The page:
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Motson in a hole
By Apollo Latham
The fact that John Motson has difficulty telling black players apart won't come as much of a shock to anyone who's watched Match of the Day in the last twenty years. Nor will his insistence that there's nothing offensive in his comments surprise him or anyone that's observed match commentators' attitudes. Yet this shouldn't just be passed off as a politically correct silly story, a tale of how even fair-minded people are being prevented these days from speaking their minds, but, with a bit of luck, it should finally cause some in the BBC to try to re-examine their attitudes.

For starters, although it's unlikely that black players are going to march on Broadcasting House, the implication of his comments, i.e. that black players look the same or at least are harder to tell apart than white players, is offensive. If a black commentator (not that there are any) said a similar thing about white players, they would be seen as deliberately provocative and they'd probably have to resign. What's more serious than his words though is the evident scale of his problem - he genuinely can't tell the difference between black players who don't even look similar, such as Ian Wright and Kevin Campbell. This has been obvious for a while, and you have to wonder how he's got to be Britain's leading commentator with this handicap. Although he says "it's the same as when there are a lot of brown-haired players", I've never known him mix up brown-haired players the way he consistently does black players. It does seem that his problem is that he sees black before he sees the person.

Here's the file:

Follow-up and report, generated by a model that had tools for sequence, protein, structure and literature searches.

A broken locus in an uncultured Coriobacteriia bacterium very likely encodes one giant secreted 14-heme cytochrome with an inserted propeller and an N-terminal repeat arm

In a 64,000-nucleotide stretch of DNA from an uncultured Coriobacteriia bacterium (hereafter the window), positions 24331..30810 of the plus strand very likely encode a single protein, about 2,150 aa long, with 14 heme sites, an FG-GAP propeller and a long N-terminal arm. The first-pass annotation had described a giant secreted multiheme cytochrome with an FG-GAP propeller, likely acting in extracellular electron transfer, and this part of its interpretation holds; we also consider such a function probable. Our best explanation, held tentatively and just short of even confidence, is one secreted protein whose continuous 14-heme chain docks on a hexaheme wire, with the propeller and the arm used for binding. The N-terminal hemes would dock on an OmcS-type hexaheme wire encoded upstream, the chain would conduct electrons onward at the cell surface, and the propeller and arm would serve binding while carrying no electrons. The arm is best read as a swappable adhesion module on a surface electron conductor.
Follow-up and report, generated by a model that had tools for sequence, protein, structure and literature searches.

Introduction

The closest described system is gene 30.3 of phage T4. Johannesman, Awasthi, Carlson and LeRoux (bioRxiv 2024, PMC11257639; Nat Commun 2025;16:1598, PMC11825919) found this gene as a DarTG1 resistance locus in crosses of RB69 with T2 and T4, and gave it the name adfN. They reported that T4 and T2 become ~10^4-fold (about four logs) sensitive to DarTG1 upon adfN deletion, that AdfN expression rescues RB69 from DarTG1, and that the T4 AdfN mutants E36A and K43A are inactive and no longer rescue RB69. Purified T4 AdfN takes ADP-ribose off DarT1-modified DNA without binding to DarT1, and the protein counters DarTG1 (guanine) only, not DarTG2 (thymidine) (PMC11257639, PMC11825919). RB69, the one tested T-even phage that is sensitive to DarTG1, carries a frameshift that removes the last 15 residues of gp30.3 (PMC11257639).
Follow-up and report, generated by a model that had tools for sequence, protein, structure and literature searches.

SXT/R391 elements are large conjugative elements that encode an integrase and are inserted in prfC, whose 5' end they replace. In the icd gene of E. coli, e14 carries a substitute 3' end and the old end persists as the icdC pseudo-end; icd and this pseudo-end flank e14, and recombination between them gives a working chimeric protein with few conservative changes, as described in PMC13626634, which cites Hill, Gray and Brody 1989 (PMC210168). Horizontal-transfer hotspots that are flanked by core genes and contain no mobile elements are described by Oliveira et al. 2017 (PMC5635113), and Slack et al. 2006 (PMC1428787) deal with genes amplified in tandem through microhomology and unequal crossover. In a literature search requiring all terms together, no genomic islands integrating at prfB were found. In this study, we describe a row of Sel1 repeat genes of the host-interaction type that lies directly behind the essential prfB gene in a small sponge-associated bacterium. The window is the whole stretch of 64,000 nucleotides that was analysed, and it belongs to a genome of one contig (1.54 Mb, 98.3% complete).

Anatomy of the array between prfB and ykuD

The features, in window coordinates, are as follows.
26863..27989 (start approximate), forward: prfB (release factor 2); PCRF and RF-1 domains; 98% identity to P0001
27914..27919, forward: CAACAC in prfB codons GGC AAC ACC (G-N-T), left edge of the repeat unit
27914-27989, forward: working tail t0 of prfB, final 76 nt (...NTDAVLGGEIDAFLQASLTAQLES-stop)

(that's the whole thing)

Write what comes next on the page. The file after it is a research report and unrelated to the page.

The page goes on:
"Race only becomes an issue when people make it an issue", said John Motson on the radio this morning, in his own defence. This is an interesting statement, as it was he that raised the issue of race in response to an innocent enough question about recognising players. That aside though, this again reflects the establishment view that complaining about racism is somehow "bad form", that we're none of us racists, some of our best friends are black, so there's no need for people to start agitating. This is partly why so few players complain about racism, as they know it will entail more grief for them than for the perpetrator, as we saw with the Ian Wright-Schmeichel incident.

The best illustration of attitudes to racism is the issue of racist chanting. Until three or four years ago, this was dealt with by commentators shamefully ignoring it and players saying "I don't let it bother me" if asked, which they rarely were. Condemnation, if any, was of the form, "Isn't it silly to boo them when they've players like X,Y and Z in their own team." This was well-intentioned enough, but made the mistake of dividing the entire population into fanatical white supremacists and an enlightened remainder who treated everyone equally. This suited most people who could usually demonstrate they weren't in the former group, and so thought they'd proved they were in the latter. Since they themselves demonstrably weren't racists, moreover, nothing they said could be racist. Hence John Motson's confusion. But the racist chanters weren't all card-carrying Nazis, just people who thought racial abuse was comparable to the various other forms of abuse hurled at players and therefore acceptable.